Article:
The reason behind the 2020 neo-Prohibition is different from the one in 1920; this time it’s really just a public Prohibition. We can still buy alcohol and drink at home…..oh wait, most people did that during the original Prohibition too. The police aren’t hunting for casks and cracking them open to run into the sewer which is a relief, and no one is driving around town lobbing bombs in the doorways of bars in 1920s gangster fashion….yet.

However, there is one item from the original Prohibition that has made a come back, and it’s actually been on the rise for a few years – the speakeasy. Also called blind tigers, gin joints, or blind pigs, speakeasies were the worst kept secrets of Prohibition. Entire police forces were sometimes bribed in order to have them look the other way, and government officials were some of the speakeasies’ best customers.

The original speakeasies brought men and women together in social settings with alcohol. image credit: Liquipedia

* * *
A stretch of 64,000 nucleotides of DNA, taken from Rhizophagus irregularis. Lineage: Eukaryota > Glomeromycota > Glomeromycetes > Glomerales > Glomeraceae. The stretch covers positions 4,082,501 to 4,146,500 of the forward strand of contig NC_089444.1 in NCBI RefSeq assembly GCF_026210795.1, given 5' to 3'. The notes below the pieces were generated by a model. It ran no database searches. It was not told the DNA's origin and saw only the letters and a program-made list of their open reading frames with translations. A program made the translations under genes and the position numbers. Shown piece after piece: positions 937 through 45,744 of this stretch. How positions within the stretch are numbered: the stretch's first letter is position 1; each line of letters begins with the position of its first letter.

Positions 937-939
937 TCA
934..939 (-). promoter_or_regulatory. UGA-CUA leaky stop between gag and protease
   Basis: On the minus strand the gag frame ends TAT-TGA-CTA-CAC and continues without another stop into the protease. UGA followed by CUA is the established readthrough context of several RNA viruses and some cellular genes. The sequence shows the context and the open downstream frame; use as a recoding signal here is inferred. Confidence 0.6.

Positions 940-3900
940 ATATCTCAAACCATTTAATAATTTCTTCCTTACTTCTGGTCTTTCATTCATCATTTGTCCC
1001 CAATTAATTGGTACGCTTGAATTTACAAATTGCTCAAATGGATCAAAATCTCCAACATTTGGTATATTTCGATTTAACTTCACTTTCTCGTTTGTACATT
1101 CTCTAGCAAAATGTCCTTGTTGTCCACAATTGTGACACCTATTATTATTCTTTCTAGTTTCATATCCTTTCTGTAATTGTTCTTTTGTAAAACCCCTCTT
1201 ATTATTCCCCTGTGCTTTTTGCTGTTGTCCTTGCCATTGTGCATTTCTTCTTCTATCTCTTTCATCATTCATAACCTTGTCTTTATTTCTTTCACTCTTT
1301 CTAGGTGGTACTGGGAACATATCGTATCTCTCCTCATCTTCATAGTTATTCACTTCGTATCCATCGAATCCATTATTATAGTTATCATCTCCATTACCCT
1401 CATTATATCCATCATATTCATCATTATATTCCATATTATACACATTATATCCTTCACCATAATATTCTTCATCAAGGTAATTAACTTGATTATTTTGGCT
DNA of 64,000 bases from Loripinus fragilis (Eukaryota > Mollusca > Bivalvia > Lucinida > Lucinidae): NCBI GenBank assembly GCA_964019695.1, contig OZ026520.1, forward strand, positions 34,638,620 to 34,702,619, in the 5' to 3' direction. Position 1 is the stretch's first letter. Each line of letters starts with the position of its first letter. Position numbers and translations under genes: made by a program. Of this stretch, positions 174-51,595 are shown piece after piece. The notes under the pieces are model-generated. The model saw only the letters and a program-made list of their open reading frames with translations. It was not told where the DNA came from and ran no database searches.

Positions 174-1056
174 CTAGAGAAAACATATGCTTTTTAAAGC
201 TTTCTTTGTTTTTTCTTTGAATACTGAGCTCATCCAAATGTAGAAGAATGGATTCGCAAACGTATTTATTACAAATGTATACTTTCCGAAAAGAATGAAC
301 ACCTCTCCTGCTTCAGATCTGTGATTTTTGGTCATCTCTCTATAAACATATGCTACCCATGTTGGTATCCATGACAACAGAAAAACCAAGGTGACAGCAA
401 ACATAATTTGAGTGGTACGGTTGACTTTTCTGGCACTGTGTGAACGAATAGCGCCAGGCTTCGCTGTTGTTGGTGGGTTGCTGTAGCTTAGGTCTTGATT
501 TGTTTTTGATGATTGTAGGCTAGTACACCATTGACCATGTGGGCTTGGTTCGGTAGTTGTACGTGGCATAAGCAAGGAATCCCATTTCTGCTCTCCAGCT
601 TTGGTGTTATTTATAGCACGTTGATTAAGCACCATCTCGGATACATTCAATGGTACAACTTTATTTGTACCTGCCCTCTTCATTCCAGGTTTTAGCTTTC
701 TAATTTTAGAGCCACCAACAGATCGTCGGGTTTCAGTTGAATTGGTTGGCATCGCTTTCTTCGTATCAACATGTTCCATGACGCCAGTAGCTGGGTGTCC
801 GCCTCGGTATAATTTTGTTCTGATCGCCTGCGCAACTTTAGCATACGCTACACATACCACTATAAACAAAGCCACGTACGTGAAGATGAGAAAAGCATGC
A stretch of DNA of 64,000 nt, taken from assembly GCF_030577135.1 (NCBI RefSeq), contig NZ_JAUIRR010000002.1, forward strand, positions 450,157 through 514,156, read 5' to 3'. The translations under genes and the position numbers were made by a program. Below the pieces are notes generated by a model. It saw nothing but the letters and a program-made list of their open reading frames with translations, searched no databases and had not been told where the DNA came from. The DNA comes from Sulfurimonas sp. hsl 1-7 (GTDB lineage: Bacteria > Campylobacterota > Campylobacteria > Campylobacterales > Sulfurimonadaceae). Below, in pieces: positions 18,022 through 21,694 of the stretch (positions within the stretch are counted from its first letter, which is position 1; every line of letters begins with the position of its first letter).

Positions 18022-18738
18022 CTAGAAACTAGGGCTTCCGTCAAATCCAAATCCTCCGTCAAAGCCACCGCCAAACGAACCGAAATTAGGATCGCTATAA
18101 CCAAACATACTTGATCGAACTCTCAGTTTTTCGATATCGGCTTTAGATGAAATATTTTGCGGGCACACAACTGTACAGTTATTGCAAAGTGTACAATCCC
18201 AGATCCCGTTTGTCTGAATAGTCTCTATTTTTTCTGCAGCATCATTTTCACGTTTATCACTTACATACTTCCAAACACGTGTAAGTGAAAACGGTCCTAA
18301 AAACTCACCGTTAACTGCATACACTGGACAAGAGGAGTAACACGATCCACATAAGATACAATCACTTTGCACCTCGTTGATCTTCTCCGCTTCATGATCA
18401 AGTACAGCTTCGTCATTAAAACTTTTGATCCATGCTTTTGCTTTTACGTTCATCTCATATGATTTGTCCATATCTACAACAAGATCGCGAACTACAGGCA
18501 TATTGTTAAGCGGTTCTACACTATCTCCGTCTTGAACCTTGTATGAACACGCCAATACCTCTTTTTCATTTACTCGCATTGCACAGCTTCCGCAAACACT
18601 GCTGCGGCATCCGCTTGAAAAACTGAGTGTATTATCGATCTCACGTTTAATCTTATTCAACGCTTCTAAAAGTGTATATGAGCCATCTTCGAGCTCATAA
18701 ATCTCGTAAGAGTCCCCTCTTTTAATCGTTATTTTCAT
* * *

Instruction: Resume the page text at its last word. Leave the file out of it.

One great thing the speakeasies did was break down the barriers to women and men drinking together. Prior to Prohibition, men drank in bars and women drank at home or their clubs (on the sly). But with the Volstead Act forcing alcohol into the shadows, men and women came together in the speakeasies. Even more, Prohibition put the rich and poor into the same situation; however, they didn’t often drink together.

The rich had gorgeous bars with full jazz bands and floorshows. They also had the wherewithal to have liquor brought to their homes. The middle class and poor drank in back rooms that were all business and very little on entertainment. But whether fancy or mundane, they all had the password you needed to speak in order to get in, and you would “speak easy”, ie. whisper at the door or inside, in order to keep it a secret.

With the repeal of Prohibition there was no reason to keep the speakeasies, bars came out of the dark and became respectable businesses. But in the mid 2010s, the increase in craft distilling brought about the renaissance of the speakeasy, in name and branding. They have popped in many large cities, with literally dozens in New York City alone.

Swordfish Tom’s in Kansas City, Fin & Tonic in Newport News, VA, Commerce in Pittsburgh – the key to all of them is a sense of secretiveness. Some have no sign posted or name on the door. Some have passwords which travel only by word of mouth. Almost all or focused on craft cocktails. Some are just private rooms in other bars, through hallways and doors and down back stairs that aren’t spoken of.